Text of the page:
The Rainbow Foundation is a medical shelter for children from all over Indonesia and is located in Bekasi near Jakarta. The foundations helps parents with limited funds pay for their sick children’s medical treatments and provides housing for them during their recuperation. They also house about forty children who do not have parents or relatives to take care of them. Guest who ate in the specialty restaurant this evening made a donation of $25 to the charity, while others contributed as well.
Many of the dining room stewards, cabin stewards and crew members come from Indonesia so many of them were able to have their families come onboard the ship for a short visit today. Most of the guests put notes on their cabin doors asking that they not have their cabins cleaned on this day and for the stewards to spend time with their families and friends instead.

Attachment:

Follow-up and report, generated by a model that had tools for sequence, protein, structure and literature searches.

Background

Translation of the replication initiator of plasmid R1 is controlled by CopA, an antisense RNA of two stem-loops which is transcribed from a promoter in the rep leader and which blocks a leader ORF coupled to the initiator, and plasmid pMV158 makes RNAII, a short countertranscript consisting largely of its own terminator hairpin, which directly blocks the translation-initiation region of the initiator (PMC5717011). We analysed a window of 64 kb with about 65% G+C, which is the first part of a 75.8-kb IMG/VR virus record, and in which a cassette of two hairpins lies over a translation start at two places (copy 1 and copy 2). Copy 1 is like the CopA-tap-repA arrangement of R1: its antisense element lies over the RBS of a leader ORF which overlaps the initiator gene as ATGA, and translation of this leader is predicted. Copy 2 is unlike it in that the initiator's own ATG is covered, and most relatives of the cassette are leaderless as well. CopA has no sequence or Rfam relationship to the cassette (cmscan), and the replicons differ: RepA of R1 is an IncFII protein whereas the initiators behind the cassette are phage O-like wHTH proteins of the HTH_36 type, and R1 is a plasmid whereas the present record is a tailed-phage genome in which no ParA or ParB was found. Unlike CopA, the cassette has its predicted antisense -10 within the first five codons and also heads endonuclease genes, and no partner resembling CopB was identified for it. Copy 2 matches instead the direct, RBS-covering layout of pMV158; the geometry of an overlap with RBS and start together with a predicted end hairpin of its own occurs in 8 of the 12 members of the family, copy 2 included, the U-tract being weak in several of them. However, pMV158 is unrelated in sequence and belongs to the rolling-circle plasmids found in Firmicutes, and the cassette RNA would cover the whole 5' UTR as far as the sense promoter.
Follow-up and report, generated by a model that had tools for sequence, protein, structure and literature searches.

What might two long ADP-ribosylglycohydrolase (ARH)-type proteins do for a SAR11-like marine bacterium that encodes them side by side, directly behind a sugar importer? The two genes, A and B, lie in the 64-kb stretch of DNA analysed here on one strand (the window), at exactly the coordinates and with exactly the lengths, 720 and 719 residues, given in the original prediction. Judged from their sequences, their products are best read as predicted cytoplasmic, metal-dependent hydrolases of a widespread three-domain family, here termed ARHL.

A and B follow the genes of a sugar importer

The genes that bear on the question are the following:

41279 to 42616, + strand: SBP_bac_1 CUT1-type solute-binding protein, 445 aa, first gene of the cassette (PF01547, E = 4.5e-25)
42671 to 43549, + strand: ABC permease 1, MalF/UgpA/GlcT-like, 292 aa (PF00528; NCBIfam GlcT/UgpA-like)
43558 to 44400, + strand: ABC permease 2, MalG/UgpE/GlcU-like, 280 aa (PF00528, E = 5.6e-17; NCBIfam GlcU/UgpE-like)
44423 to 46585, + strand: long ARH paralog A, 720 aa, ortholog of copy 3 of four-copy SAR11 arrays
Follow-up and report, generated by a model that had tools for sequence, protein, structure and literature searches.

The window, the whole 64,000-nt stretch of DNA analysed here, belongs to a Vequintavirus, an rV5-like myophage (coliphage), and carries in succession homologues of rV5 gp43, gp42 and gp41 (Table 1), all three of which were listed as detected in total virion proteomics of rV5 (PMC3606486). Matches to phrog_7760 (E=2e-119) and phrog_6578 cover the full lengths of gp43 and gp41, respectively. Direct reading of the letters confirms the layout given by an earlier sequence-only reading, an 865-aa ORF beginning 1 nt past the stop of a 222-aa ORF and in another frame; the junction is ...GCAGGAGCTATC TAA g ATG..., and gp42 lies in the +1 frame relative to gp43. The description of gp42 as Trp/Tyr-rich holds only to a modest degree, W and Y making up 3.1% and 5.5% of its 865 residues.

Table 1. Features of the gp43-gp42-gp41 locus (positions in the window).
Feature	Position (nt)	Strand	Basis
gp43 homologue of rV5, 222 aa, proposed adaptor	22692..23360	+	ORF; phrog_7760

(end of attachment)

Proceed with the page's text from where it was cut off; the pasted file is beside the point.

Although we weren’t too hungry after our big lunch, we decided to sample a few of the many Indonesian dishes on board for the party. There were Indonesian dishes we didn’t know, fruits, desserts, roasted pigs, etc. After filling our plates with “samples” of almost everything, we joined Peter, Peter and Bryan on the Lido deck by the back pool to eat it all. Free drinks and wine were being served. We shared lots of info and gossip with these Toronto boys. Good times!